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UK: London Doubles Tax On Motorists
London, England turns congestion tax into an emission charge, doubling the cost of commuting for most drivers.

ULEZ sign
The majority of motorists driving into the downtown area of England's capital were hit on Monday with a doubled toll. A new Ultra Low Emission Zone (ULEZ) tax took effect, which, combined with the existing congestion tax, raised the total amount drivers must pay to enter the city center during working hours to £24 (US $31.30).

The ULEZ tax represents a massive expansion of the tolling concept. It is collected in addition to the congestion charge that only applies from 7am to 6pm. The £12.50 ULEZ tax (US $16.30), by contrast, is collected around a clock that resets at midnight. A driver who drives into the zone a few minutes before minute and then leaves a few minutes afterward must pay two charges for a total of £25 (US $32.60). While the ULEZ boundaries are the same as those for the congestion tax right now, the ULEZ tax will grow to cover all of greater London by 2021.

Mayor Sadiq Khan introduced the ULEZ charge as a way of encouraging drivers to abandon their current vehicles for electric-powered alternatives that are currently favored by city officials. Taxis, favored by the government, are exempt from the tax while Uber drivers must pay the full charge.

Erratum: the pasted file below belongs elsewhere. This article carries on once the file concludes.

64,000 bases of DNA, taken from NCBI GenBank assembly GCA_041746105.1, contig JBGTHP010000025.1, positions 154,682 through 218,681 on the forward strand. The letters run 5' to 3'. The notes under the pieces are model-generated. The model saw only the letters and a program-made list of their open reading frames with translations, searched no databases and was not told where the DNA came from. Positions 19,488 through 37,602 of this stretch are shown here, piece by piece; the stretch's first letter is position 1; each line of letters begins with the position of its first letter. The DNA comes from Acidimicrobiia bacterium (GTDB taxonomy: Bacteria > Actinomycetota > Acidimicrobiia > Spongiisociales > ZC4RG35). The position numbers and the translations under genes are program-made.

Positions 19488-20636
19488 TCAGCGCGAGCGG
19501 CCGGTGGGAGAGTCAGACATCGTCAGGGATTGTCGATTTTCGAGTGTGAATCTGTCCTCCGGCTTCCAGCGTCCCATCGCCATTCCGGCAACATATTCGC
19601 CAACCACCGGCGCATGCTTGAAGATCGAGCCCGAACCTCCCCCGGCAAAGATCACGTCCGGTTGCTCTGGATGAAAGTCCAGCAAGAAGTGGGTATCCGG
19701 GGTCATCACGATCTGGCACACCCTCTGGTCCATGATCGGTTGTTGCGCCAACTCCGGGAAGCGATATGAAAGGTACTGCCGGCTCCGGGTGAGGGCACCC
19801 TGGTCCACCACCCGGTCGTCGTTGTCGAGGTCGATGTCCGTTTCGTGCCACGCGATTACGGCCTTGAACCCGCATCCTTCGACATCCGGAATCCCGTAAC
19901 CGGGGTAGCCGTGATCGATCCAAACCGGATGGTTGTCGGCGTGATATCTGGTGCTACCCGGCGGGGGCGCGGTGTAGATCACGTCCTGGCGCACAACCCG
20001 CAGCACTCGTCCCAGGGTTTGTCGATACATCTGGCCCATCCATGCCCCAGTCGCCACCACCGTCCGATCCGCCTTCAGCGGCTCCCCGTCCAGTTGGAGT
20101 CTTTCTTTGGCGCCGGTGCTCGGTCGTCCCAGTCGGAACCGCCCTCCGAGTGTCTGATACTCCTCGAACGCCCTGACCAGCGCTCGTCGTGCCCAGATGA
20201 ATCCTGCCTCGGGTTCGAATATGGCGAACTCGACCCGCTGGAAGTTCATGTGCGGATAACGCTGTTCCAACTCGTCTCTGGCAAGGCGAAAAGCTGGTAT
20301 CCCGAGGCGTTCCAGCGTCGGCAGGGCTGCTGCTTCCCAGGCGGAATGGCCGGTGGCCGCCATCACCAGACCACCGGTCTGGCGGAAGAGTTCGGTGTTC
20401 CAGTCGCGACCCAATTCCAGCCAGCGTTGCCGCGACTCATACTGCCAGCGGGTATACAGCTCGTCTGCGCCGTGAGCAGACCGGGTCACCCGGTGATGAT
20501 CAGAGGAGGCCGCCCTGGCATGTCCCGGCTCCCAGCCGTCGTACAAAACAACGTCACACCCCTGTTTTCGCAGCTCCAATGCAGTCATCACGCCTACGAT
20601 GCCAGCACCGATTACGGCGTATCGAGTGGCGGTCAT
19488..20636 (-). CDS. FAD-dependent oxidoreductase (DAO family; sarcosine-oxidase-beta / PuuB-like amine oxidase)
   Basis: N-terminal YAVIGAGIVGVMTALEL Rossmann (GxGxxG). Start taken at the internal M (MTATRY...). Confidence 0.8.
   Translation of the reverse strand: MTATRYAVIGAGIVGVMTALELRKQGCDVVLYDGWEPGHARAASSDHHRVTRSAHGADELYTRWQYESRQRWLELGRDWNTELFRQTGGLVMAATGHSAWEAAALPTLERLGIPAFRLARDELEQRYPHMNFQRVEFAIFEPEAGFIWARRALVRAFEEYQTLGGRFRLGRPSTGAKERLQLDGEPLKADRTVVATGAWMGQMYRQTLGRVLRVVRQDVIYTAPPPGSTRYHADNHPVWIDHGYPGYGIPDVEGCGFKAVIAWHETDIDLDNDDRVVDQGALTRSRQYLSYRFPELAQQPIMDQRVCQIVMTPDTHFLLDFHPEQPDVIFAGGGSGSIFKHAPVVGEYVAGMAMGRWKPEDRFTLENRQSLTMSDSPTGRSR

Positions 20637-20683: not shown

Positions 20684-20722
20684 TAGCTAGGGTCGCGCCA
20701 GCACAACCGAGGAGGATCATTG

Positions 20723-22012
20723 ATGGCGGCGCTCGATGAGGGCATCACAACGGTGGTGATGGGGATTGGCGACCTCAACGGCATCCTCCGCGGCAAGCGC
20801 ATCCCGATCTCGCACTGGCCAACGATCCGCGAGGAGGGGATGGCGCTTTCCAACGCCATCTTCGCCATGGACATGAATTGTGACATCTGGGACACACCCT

At present, gasoline-powered cars that do not meet the Euro 4 regulations -- in general, this means cars made before 2006 -- must pay. Most diesels made before 2015 will not meet the Euro 6 standard needed to escape the charge. The Alliance of British Drivers (ABD) slammed this arrangement as fundamentally unfair.

"Those who bought diesel vehicles only a few years ago, encouraged by the government because of their lower CO2 emissions, will now find they are paying this tax or will have to buy a new vehicle," the group explained. "There are numerous anomalies in this tax which will particularly affect those who drive older cars who are typically the poorer members of the community. Those who drive very expensive modern supercars or luxury vehicles with large engines will not be paying even though the emissions from them are high."

Transport for London has installed a massive network of license plate reading cameras to enforce the tax. Drivers who fail to pay within 24 hours of traveling in a zone will be hit with a £160 (US $209) penalty for each unpaid day of driving in the zone.

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